The public debate on the issue of terrorism has, unfortunately, tended to get driven by politics, and has centered on certain laws enacted or repealed by Governments of different political persuasions. Our Government has no fixed, inflexible or ideological view in this regard…We are actively considering legislation to further strengthen the substantive anti-terrorism law in line with the global consensus on the fight against terrorism. [PMO, emphasis added]
Dr Singh’s sanctimoniousness, as usual, is gratuitous. If the issue with POTA was “basically (related) to the procedural aspects of investigation and prosecution of terrorism related offences”, and the need was to “address the apprehensions”, then surely repealing the entire act (instead of amending it) is not merely about the UPA government being wrong its view about the efficacy of “existing laws”. It is about a deliberate decision to subordinate internal security to political persuasions.
As for attributing the need to change to a global consensus, Dr Singh is on an even weaker wicket. That global consensus—to the extent that the term is even meaningful—was much stronger in 2004 than it is now. Even so, that Dr Singh should say—even for the purposes of saving face—that the ‘global consensus’ should determine India’s internal security policies reveals just how lost he and his government are on this subject. (Mercifully, he did not think that the global consensus on nuclear non-proliferation ought to determine India’s nuclear weapons policy)
A revolution in investigative affairs?
The use of brain mapping in investigation, and most recently the acceptance of brain mapping reports as evidence by Indian courts has raised many eyebrows. Today’s New York Times has a report by Anand Giridharadas on this:
The Brain Electrical Oscillations Signature test, or BEOS, was developed by Champadi Raman Mukundan, a neuroscientist who formerly ran the clinical psychology department of the National Institute of Mental Health and Neuro Sciences in Bangalore. His system builds on methods developed at American universities by other scientists, including Emanuel Donchin, Lawrence A. Farwell and J. Peter Rosenfeld.
Despite the technology’s promise—some believe it could transform investigations as much as DNA evidence has—many experts in psychology and neuroscience were troubled that it was used to win a criminal conviction before being validated by any independent study and reported in a respected scientific journal. Publication of data from testing of the scans would allow other scientists to judge its merits—and the validity of the studies—during peer reviews.
“Technologies which are neither seriously peer-reviewed nor independently replicated are not, in my opinion, credible,” said Dr. Rosenfeld, a psychologist and neuroscientist at Northwestern University and one of the early developers of electroencephalogram-based lie detection. “The fact that an advanced and sophisticated democratic society such as India would actually convict persons based on an unproven technology is even more incredible.” [NYT]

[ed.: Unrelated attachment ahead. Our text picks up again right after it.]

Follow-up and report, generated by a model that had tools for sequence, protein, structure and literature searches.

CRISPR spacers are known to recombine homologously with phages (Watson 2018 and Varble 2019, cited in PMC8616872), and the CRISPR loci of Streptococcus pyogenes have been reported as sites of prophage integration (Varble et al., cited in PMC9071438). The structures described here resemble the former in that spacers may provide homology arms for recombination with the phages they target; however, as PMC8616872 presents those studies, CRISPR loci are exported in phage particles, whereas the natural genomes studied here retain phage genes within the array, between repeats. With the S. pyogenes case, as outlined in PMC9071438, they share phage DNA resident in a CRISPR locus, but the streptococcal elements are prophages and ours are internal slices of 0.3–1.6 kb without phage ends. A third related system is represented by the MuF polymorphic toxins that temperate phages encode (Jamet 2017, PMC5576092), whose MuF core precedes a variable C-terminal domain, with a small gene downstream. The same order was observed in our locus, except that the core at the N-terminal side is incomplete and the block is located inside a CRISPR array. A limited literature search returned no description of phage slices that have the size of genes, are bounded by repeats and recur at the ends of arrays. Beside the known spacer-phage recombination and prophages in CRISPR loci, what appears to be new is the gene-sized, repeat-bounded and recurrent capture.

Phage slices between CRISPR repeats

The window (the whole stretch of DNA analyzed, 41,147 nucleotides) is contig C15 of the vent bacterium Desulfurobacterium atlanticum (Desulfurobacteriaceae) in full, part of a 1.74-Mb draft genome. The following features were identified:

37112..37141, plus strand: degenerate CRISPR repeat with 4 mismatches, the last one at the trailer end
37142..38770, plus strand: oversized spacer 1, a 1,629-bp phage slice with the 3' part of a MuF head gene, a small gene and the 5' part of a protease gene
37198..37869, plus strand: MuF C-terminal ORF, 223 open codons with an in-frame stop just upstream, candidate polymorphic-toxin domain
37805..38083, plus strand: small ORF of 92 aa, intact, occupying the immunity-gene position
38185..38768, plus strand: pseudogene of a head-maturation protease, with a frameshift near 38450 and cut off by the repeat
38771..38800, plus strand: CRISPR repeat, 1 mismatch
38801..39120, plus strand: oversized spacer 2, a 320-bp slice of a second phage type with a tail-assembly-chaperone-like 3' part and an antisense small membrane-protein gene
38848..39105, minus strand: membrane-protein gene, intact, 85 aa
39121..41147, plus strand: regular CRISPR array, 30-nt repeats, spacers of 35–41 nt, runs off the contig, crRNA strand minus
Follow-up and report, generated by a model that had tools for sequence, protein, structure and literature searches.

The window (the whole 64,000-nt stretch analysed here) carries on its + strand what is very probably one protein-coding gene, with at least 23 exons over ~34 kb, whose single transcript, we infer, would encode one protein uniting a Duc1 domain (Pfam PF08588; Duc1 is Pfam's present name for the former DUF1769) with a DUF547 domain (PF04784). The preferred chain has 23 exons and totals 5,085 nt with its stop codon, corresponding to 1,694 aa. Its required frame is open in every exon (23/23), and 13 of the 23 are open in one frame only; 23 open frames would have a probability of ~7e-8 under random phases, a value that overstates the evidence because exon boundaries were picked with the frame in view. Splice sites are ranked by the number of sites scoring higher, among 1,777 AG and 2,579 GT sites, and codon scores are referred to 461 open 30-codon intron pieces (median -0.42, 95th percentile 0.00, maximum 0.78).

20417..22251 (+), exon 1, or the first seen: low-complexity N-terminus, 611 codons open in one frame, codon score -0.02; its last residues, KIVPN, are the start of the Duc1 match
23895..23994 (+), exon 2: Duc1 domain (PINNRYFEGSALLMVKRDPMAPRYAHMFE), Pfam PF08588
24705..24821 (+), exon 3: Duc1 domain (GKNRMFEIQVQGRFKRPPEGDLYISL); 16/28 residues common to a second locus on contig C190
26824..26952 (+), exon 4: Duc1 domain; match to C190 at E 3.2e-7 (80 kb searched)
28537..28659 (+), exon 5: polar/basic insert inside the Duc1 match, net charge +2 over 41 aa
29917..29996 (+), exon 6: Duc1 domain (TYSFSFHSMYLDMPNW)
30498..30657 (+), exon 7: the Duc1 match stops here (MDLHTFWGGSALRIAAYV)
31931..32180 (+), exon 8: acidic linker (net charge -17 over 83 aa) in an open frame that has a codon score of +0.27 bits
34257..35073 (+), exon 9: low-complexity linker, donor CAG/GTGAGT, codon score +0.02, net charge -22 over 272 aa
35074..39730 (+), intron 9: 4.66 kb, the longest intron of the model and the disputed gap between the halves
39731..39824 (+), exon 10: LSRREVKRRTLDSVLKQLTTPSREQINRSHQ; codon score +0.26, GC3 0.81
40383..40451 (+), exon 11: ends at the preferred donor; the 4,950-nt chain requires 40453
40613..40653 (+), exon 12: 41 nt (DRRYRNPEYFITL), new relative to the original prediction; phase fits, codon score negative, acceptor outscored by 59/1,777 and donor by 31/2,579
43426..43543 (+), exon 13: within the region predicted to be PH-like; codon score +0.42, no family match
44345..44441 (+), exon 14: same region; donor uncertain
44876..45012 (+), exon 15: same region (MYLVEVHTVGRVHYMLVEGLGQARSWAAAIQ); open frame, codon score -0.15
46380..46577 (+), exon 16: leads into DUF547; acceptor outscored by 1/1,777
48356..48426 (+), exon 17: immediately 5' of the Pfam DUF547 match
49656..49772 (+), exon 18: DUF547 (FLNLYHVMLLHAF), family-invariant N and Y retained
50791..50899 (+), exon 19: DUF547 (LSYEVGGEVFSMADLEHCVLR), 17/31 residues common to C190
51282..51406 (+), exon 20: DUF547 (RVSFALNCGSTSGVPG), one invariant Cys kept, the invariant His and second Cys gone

The use of this technology for investigation should be of relatively lesser concern, especially when the alternatives are of the unpleasant sort. But Dr Rosenfeld does have a point, especially when it comes to admissibility of these reports for securing convictions.
It is difficult to understand why Mr Giridharadas’s report does not quote any Indian scientist on the subject. It leaves out an important point: on September 6th, The Hindu reported that “an expert committee studying the efficacy of brain mapping criminal suspects has concluded that it is unscientific and should be discontinued as an investigative tool and as evidence in courts.” Rakesh Maria, Mumbai police crime branch chief, has been quoted as saying ‘that while BEOS was a useful technique of examination, it couldn’t achieve conviction all by itself. “The technique needs to be corroborated with other evidence.”‘
The manner of Musharraf’s exit
Most people think Pervez Musharraf is toast. And that, apart from a matter of time, it is a question of how he should go. The American senators who were in Pakistan for last week’s elections have publicly called for a ‘graceful exit’. Well, he’s reportedly building a new home—complete with security bunkers—in Islamabad. “He has already started discussing the exit strategy for himself,” a close friend told the Sunday Telegraph “I think it is now just a matter of days and not months because he would like to make a graceful exit on a high.”
Now the wonderful retired Major General Rashid Qureishi has denied the authenticity of the report, not its content. So it may well be that we will soon see some grace.
It won’t be impossible for Mr Musharraf to hold on to the presidency—but he will have to share power with the politicians and Gen Ashfaq Pervez Kiyani. If he was the sort who could share power he wouldn’t have been in this hole in the first place.
Impeachment—and there’s a lot of political support for this—is not impossible. But as Ali Khan of Washburn University School of Law argues on Jurist, impeachment is for legally elected presidents, not usurpers. “The proper constitutional treatment for usurpers”, Mr Khan writes, is “removal by incarceration”. Since lawyers are a vocal political lobby at the moment, they might insist on meting out the proper constitutional treatment to Mr Musharraf. Such an exit is unlikely to be graceful though.